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King Charles III declares seven-day royal mourning after the Queen

Queen Elizabeth II: King Charles III issues statement in tribute

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Buckingham Palace said royal mourning will be observed by members of the royal family, royal household staff and representatives of the royal Household on official duties, together with troops committed to ceremonial duties. Flags at royal residences will also remain at half mast and will remain half-masted until 8am on the morning after the final day of royal mourning. 

A royal gun salute will be fired in London at 1pm in Hyde Park by The King’s Troop Royal Horse Artillery and at the Tower of London by the Honourable Artillery Company, with one round fired for each year of the 96-year-old Queen’s life.

 The palace did not say when the funeral would be held, but it is likely to take place around 11 days after her death on Thursday.

The palace said on Friday morning: “Following the death of Her Majesty the Queen, it is His Majesty the King’s wish that a period of royal mourning be observed from now until seven days after the Queen’s funeral.

“The date of the funeral will be confirmed in due course.”

 

The Government is also expected to confirm the length of national mourning, which is likely to be around 12 days, from now up to the day after the Queen’s funeral.

They will also announce that the funeral day will be a public holiday in the form of a Day of National Mourning.

King Charles and Queen Camilla are expected to return to London after spending the night at Balmoral on Thursday following the death of the Queen. 

Church bells are expected to ring across the country in commemoration of the Queen at 12pm noon. 

Despite his grief, duty calls for new sovereign Charles who will have his first audience as monarch with Prime Minister Liz Truss this afternoon.

He is also expected to meet the Earl Marshal, the Duke of Norfolk, who is in charge of the accession and the Queen’s funeral, to approve the carefully choreographed schedule for the coming days.

Royal residences – including The Queen’s Gallery and the Royal Mews at Buckingham Palace, and The Queen’s Gallery in Edinburgh – will close until after the Queen’s funeral.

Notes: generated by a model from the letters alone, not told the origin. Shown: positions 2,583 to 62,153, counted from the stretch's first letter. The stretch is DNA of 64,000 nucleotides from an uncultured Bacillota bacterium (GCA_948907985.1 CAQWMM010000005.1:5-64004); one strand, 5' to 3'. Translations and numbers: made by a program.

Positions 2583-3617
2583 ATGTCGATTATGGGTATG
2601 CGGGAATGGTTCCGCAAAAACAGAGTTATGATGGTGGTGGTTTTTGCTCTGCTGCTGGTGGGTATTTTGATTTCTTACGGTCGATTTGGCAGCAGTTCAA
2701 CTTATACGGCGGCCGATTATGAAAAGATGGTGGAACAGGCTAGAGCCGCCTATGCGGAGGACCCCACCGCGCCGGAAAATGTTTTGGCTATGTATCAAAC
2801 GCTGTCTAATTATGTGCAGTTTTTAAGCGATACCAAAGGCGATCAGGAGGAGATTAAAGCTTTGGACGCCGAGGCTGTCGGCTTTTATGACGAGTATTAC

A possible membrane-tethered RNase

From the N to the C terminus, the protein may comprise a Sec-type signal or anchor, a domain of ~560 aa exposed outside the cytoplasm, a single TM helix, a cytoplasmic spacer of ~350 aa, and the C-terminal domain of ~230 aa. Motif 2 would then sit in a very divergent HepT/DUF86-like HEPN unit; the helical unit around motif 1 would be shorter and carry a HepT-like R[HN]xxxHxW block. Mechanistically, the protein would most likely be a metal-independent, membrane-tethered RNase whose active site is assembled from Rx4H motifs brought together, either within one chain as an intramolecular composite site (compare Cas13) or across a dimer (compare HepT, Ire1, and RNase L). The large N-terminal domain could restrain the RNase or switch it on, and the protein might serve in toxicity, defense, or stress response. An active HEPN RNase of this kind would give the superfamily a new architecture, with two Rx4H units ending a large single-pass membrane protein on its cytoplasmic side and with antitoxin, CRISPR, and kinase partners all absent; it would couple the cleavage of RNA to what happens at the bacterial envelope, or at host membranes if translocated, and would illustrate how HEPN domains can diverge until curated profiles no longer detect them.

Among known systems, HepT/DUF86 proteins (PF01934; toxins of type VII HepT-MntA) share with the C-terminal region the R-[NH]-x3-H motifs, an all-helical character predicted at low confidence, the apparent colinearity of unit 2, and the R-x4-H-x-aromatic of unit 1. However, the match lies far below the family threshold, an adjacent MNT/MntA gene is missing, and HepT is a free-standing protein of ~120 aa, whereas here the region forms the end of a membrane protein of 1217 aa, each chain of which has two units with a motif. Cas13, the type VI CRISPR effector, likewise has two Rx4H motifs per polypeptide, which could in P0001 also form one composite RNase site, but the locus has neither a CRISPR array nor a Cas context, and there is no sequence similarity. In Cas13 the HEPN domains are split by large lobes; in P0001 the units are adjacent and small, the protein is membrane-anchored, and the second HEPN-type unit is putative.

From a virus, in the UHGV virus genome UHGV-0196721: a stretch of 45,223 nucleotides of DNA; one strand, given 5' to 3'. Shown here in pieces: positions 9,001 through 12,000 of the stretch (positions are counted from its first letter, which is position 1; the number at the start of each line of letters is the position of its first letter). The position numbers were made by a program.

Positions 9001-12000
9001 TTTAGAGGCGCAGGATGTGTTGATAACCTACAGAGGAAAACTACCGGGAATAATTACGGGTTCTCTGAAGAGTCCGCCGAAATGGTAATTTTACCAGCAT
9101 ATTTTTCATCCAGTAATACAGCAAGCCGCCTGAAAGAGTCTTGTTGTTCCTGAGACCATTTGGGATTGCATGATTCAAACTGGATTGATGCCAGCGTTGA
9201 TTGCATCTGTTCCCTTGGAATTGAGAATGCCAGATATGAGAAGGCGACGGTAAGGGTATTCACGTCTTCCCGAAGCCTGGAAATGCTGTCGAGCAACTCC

Balmoral Castle and Sandringham House, the Queen’s private estates, will also close for this period.

Hillsborough Castle, the monarch’s official residence in Northern Ireland, will also be closed.

Guidance has been issued to members of the public who wish to leave floral tributes at royal residences.

Mourners at Buckingham Palace will be guided to lay floral tributes at dedicated sites in Green Park or Hyde Park, with flowers left outside the gates of the palace being moved to the Green Park floral tribute garden.

At Windsor Castle, floral tributes can be left at Cambridge Gate on the Long Walk, and these flowers will be brought inside the castle every evening and placed on the Castle Chapter grass on the south side of St George’s Chapel and Cambridge Drive.

At the Sandringham Estate, members of the public are encouraged to leave floral tributes at the Norwich Gates, while at Balmoral Castle floral tributes can be left at the main gate.

People at the Palace of Holyroodhouse are encouraged to give floral tributes to the wardens at the entrance to The Queen’s Gallery, and those flowers will be laid on the forecourt grass in front of the North Turret of the Palace.

At Hillsborough Castle, floral tributes can be laid on the Castle Forecourt in front of the main gates.

The palace said the half-masting of flags at royal residences does not apply to the Royal Standard and the Royal Standard in Scotland when the King is in residence, as they are always flown at full mast.

Guidance on flags at other public buildings has been issued by the Department for Culture, Media and Sport.

There are no physical books of condolence at the royal residences.

An online book of condolence is available on the royal website.

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